Packers Depth Chart: Linebackers

Just over a week from training camp and we are almost through the Packers roster. We have covered six different position groups, and we get to one that has a lot of fans polarized: linebackers. With so many questions in the middle of that position, we have a lot to look at. So let’s not waste any more time.

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#52 CLAY MATTHEWS

6’3” 215 lbs. Age 30 (8th Season)

Drafted in the 1st Round (26th Overall) in 2009 from USC

Strengths: Clay is a master pass rusher with every move imaginable. He can turn the corner and beat tackles with speed but can also drive a left tackle into his QB. He also has a good swim move and seems to live in the backfield when lined up outside. He also is a sound run defender and an underrated coverage guy with the speed to cover running backs in the flat. But his biggest strength is his passion and effort. He is a true high motor guy who is flying everywhere during the play.

Weaknesses: While he is high motor, his flying everywhere can sometimes be a detriment as he has gotten the reputation of losing backside contain often and sometimes getting caught up in the wash of the trench play. He also doesn’t have the smoothest hips in coverage and can get beat by the more agile running backs.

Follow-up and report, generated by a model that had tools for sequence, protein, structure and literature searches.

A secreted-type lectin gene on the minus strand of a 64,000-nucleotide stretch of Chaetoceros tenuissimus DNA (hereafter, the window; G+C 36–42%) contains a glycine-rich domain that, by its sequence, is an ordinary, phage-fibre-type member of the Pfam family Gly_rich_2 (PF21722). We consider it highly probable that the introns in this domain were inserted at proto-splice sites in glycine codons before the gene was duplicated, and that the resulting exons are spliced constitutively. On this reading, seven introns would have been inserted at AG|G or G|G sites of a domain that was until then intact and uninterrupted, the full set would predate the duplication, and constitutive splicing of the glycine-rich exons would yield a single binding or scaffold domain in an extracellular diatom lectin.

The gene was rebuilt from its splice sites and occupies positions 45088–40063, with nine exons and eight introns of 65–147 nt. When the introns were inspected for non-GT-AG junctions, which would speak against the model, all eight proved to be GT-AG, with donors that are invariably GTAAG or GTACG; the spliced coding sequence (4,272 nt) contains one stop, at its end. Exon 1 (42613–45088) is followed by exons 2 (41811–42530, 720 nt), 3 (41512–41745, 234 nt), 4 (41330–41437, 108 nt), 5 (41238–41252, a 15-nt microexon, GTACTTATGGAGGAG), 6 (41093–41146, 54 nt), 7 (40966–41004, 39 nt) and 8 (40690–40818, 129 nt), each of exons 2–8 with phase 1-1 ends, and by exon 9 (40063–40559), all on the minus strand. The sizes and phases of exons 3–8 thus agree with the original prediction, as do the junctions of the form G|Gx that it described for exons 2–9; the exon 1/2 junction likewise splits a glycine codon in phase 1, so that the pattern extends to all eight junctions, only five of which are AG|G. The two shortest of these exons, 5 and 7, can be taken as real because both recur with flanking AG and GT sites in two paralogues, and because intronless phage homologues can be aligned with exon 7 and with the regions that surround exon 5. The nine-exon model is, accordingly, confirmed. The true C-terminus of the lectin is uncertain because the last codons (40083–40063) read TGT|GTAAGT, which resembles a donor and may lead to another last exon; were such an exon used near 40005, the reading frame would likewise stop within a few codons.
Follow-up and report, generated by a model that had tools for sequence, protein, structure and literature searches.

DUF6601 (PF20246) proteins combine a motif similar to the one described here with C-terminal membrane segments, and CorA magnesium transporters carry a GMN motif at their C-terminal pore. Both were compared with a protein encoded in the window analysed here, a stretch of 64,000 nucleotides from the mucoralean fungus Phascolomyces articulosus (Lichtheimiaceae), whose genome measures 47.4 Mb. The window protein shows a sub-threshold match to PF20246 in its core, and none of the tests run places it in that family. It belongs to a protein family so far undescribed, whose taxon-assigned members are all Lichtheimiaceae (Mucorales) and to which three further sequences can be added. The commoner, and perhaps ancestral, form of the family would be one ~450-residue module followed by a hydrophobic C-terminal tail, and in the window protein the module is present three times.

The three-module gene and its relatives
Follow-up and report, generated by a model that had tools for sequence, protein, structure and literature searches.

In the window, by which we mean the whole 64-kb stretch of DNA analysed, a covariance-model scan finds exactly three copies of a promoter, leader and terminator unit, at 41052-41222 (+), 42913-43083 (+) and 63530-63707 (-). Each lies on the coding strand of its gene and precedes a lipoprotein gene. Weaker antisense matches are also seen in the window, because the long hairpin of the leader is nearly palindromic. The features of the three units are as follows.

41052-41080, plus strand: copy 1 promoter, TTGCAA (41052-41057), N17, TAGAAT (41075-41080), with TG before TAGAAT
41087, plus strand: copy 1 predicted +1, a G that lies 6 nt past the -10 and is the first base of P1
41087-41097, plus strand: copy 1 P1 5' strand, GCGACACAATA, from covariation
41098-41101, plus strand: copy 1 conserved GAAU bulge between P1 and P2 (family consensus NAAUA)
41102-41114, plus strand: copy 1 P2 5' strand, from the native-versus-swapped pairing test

Underrated Attribute: Coverage

Role: Starting Right Outside Linebacker

Best Case: Matthews reverts to his 2009-2011 form and gets around 15 sacks and votes for Defensive Player of the Year and setting the Packers all-time sack record.

Worst Case: Matthews doesn’t adjust to moving back outside quick enough and becomes an average player early on before improving over the course of the season. Or he gets hurt and misses time.

Projection: Matthews will thrive in his role again outside and will be a Pro Bowler on merit with 12.5 sacks and a career high in tackles.

 

#56 JULIUS PEPPERS

6’7” 287 lbs. Age 36 (15th Season)

Signed as a Free Agent on March 15, 2014

Drafted in the 1st Round (2nd Overall) in 2002 from North Carolina

Strengths: Big Julius is a massive presence on the field and draws eyes from the quarterback wherever he lines up. Versatile, he can line up with his hand down as well as drop into coverage with his length. A tried and true technician in the pass rush, he has a wide range of moves from the bull rush to an excellent selling of a stunt to get pressure. He also is stout in run support and has a knack for knocking down passes on the line.

Weaknesses: Age is starting to get to the vet and he can’t be on the field as much as he used to. He also has lost a step and doesn’t quite have that speed rush that he had in Carolina and Chicago. He also can be beat by the more agile backs due to his size.

Underrated Attribute: Intelligence

Role: Starting Outside Linebacker, nickel and dime lineman

Best Case: Pepper plays like 2014 where he had a resurgent season, and get 7-10 sacks and end his career on a high note.

Worst Case: Pepper’s age shows dramatically and he takes a major step back in production and loses time to Nick Perry, Jayrone Elliott, and Datone Jones at linebacker.